Organic Brain Dysfunction

Organic brain dysfunction (OBD) is an incapacitating symptom related to a wide assortment of medical disorders that can cause behavioral or psychological abnormalities. The brain impairment can occur due to age-related conditions like dementia or Alzheimer’s disease and traumatic brain injuries from car accidents and concussions. Other serious medical ailments like amyotrophic lateral sclerosis, stroke and multiple sclerosis as well as liver and kidney diseases are also associated with the onset of OBD.

While some OBD sufferers experience personality or mood changes, others have memory impairment and drops in I.Q. that make it difficult to concentrate, perform daily living tasks and maintain normal social relationships. The individual can exhibit wildly fluctuating emotions that alternate between crying and uncontrolled laughter to unbridled anger and deep sadness when stressed, tired or in an unfamiliar situation. The emotional swings can also occur without any apparent reason, which further isolate and traumatize those with OBD. Although there is no cure for the condition, a supportive environment and a tailored course of therapy can help OBD sufferers adjust to life with their cognitive deficits.

What is SSDI?

Social Security Disability Insurance (SSDI) is a national safety net intended to help workers who become disabled before they reach retirement age. Funded by your FICA tax withholdings, the program can provide financial assistance to those with OBD whose condition prevents him or her from engaging in gainful activity. The monthly benefit may help you to remain financially independent. The stipend can be paid to the individual suffering from OBD as well as dependent family members based on SSDI rules and regulations. To qualify for SSDI, individuals must meet certain work history requirements. Younger workers can qualify for SSDI based on the work history of their parents. The agency calculates your allowable monthly benefits by determining your average earnings over your lifetime up to 10 years. Benefits may continue for as long as an individual is unable to work due to a qualifying medical disability and is younger than 65. Upon reaching retirement age, the person will receive retirement benefits. The payment amount may be reduced if you receive other government disability benefits, such as workers’ compensation.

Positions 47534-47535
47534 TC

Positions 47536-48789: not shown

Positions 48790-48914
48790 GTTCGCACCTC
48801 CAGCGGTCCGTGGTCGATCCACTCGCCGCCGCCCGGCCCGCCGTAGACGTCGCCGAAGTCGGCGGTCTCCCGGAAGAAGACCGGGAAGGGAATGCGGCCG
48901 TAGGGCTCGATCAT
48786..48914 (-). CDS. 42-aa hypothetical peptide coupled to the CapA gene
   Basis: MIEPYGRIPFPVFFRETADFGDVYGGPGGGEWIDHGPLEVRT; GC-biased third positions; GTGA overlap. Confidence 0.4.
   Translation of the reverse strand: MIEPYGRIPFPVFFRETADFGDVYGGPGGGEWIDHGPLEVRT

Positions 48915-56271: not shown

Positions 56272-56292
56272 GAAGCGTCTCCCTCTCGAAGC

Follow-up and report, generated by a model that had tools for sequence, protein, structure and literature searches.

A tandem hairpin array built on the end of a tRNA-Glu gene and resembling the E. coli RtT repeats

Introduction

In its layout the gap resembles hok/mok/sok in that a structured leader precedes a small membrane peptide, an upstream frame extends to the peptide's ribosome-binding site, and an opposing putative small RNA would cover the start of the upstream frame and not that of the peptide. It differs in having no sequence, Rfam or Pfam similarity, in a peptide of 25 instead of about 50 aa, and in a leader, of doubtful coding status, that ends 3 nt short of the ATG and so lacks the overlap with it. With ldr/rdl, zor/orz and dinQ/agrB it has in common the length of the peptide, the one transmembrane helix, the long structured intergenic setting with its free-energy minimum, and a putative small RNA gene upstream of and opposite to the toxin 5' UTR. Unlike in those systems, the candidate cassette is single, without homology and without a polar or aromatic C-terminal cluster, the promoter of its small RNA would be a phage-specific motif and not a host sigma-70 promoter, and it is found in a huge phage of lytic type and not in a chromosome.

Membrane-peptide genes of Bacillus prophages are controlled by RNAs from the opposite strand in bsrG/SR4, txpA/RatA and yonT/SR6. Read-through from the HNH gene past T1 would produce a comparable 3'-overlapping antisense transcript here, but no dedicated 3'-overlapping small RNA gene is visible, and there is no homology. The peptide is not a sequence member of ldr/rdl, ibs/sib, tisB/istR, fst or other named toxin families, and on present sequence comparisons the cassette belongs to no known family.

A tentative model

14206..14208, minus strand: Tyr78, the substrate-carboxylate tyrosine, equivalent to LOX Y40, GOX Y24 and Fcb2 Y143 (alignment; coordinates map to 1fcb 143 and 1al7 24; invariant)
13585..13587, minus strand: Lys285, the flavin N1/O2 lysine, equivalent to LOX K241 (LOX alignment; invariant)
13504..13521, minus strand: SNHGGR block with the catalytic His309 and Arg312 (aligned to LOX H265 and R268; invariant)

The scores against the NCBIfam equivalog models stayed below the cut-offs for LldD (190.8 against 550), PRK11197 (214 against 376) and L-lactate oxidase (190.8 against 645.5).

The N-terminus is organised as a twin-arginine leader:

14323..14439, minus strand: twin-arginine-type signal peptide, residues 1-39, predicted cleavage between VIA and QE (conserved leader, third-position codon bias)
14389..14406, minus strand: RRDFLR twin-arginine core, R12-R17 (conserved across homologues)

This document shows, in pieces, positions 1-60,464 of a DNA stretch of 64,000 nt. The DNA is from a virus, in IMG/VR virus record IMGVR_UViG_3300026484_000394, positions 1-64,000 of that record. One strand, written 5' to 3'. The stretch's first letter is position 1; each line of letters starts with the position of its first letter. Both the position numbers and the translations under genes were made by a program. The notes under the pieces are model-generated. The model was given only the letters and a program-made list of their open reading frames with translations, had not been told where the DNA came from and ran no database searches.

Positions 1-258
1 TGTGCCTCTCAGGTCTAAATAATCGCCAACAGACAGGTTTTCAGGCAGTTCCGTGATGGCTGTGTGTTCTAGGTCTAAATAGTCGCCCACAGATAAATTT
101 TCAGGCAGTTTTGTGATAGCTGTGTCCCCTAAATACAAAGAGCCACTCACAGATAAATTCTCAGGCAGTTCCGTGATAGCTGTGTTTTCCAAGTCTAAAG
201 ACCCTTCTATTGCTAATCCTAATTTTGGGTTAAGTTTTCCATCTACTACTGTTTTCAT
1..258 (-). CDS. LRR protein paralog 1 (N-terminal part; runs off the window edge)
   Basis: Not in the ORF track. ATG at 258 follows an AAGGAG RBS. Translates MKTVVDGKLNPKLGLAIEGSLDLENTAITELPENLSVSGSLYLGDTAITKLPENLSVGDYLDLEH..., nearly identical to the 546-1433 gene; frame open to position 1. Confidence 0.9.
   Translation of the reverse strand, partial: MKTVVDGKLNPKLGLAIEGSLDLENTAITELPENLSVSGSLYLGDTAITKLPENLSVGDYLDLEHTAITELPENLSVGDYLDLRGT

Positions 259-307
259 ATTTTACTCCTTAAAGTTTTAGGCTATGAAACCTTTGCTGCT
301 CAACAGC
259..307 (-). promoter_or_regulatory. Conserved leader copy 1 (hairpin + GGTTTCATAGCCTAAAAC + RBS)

Getting SSDI for Organic Brain Dysfunction

If you or a loved one has OBD, you should apply for SSDI. During the application process, you must document the negative impact of OBD on your life. If you cannot perform your old job, Social Security will determine whether you have the capacity to perform some other type of work. To receive SSDI, you must demonstrate that you cannot participate in a substantial gainful activity. During the application process, you will be required to document the severity of your OBD. Your medical history should include information from specialists who used neuropsychological tests like the Luria-Nebraska to measure the impact of OBD on your ability to function. If you took an I.Q. test before the onset of OBD, a loss of at least 15 points during a subsequent test could also help confirm the diagnosis. Without professional assistance, an OBD sufferer can experience worsening in their mental status. While the “Blue Book” does not specifically list OBD, it does list organic mental disorders that are psychological and behavioral abnormalities caused by dysfunctions of the brain. The totality and severity of symptoms resulting from OBD will meet the requirements listed under this category.

Getting Help from an Attorney

If you or a loved one is considering applying for SSDI or has been denied benefits, you should contact an experienced Social Security lawyer. Trying to present a compelling case for benefits is a daunting challenge, especially while caring for someone with a debilitating disease. Many applicants are overwhelmed by the process and paperwork. Social Security has specific filing requirements that can be difficult for individuals to accomplish on their own. SSDI attorneys stay abreast of these requirements and understand how to assemble a thorough application. A lawyer knowledgeable in the application process can gather the information from medical specialists and other professionals required to document and support your claim. This is especially important if you are scheduled for a review hearing. SSDI applicants are more likely to win his or her appeal when represented by an attorney with SSDI case management experience. A lawyer will also ensure that your rights are fully protected as you are guided through the application process.

Ruth F. Kolb, Esquire has been practicing social security disability law since 2003 handling all levels of representation from initial claims through all stages of appeal.